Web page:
"Oligo" means few. So OligoClonal indicates a group of cloned cells making an antibody.
When they send the CSF for testing, they also draw blood, preferably the same day. They run the test looking for antibodies and especially the bright, sharp "bands" which indicate a clone of cells at work. If there is inflammation in the body there may be several "oligoclonal bands" in the blood test. In normal circumstances these same bands would be expected to be in the spinal fluid. So they compare the bands seen in the body (if any) to any band seen in the CSF. If the bands match up, it just means there is a systemic inflammatory process in the body. Most often there are bands out in the body, but not in the CSF.
If there is an inflammatory process occuring in the Central Nervous System (CNS), then the immune system is active locally in the brain and/or spine and produces antibodies. In MS and some other diseases like infections (Lyme, encephalitis, etc) there will be O-Bands in the CSF. But, when they compare the bands from the CSF with any bands in the blood, the CSF will have some that are NOT present in the bloodstream. This means the O-Bands are actually being produced in the Central Nervous System. These unique bands are the ones they count as "Positive" when they test the spinal fluid.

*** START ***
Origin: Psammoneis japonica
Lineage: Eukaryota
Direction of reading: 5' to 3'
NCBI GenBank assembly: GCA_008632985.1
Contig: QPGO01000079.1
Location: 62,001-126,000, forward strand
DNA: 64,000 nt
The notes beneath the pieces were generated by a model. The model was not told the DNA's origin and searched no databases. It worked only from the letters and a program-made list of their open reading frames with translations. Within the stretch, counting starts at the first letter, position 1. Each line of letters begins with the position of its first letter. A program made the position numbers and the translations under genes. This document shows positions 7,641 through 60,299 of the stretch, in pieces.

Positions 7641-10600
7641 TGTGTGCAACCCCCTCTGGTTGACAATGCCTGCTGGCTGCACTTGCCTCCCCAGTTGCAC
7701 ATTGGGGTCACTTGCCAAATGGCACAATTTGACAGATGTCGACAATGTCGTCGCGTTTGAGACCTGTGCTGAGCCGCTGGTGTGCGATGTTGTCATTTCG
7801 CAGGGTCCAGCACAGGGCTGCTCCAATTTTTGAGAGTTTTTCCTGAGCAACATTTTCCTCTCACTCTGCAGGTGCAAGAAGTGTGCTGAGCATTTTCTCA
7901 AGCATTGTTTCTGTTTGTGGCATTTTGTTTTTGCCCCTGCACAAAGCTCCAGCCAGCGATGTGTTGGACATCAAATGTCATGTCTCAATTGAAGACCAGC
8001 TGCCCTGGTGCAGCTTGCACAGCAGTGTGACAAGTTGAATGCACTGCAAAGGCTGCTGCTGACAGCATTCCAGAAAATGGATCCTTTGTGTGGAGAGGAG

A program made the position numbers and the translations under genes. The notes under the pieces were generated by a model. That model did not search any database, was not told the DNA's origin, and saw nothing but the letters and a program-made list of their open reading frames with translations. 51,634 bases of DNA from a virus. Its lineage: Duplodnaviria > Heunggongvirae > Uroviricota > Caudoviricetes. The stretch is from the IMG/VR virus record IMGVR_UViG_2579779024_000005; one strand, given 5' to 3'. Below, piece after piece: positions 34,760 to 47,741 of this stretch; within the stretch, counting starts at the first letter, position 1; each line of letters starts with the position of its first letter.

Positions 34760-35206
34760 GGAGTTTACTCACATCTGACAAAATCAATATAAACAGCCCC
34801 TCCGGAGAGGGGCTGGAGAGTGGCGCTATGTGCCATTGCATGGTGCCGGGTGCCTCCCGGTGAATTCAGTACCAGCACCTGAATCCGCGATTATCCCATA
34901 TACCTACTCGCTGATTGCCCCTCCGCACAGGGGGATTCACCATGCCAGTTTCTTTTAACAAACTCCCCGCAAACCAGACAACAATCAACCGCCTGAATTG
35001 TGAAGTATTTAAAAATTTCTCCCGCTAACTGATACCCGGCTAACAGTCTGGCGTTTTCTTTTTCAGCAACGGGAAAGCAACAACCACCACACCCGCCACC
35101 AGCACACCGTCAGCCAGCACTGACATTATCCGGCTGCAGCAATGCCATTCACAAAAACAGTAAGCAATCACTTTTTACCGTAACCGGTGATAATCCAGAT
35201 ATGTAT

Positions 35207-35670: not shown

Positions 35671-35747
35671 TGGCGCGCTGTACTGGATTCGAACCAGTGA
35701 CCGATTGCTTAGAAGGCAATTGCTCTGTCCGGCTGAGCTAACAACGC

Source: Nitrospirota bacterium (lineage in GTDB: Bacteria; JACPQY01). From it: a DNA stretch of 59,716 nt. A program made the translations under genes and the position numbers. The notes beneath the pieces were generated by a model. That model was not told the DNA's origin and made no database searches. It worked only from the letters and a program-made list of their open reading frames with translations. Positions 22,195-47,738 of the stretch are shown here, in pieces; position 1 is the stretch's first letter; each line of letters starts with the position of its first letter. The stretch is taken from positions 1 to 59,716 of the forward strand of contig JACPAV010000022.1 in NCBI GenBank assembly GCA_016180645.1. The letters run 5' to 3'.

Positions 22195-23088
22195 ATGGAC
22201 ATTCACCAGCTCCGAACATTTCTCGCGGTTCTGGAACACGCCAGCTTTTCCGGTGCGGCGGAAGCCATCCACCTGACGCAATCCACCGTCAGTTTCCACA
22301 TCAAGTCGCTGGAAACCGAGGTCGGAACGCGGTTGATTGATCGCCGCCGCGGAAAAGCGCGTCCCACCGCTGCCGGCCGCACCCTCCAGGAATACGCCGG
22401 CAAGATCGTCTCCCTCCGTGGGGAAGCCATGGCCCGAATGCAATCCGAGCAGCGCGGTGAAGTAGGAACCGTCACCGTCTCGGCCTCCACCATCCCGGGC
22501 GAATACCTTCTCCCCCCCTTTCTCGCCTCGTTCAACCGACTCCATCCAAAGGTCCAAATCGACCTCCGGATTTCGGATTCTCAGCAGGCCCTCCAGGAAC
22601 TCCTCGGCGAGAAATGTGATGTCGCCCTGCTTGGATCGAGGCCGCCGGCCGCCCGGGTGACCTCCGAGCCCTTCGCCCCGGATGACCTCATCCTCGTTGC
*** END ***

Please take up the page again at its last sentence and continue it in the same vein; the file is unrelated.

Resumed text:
The significance of the number of oligoclonal band in your case is just that there is quite a lot of immune activity going on in your CNS. That also implies a lot of inflammation, but mostly it is evidence of unusual (abnormal) immune activity. Your result is highly suggestive of MS, but we have discussed that before and by now, you have seen the neuro specialist. I'll go over and respond to that post.
Thanks Quix, your explanation is much appreciated. By the way, how are you feeling? I noticed you'd been MIA from the forum and I hope you're doing okay. Thanks for taking the time to answer my questions/ponderings! Angela
I have been waiting on results of LP. I finally went and got records from hospital yesterday. They show only one o band and it is not present in serum. Igg is elevated. MRI stated chages consistent with my diagnosis of MS. ( although have no previous dx of MS. However last night I had some diarrhea then fever chills and hurt in every joint in my body. So bad could hardly walk. Felt like was going to pass out. This morning still ache but not as bad fever is gone...tired. any input would be of assistance.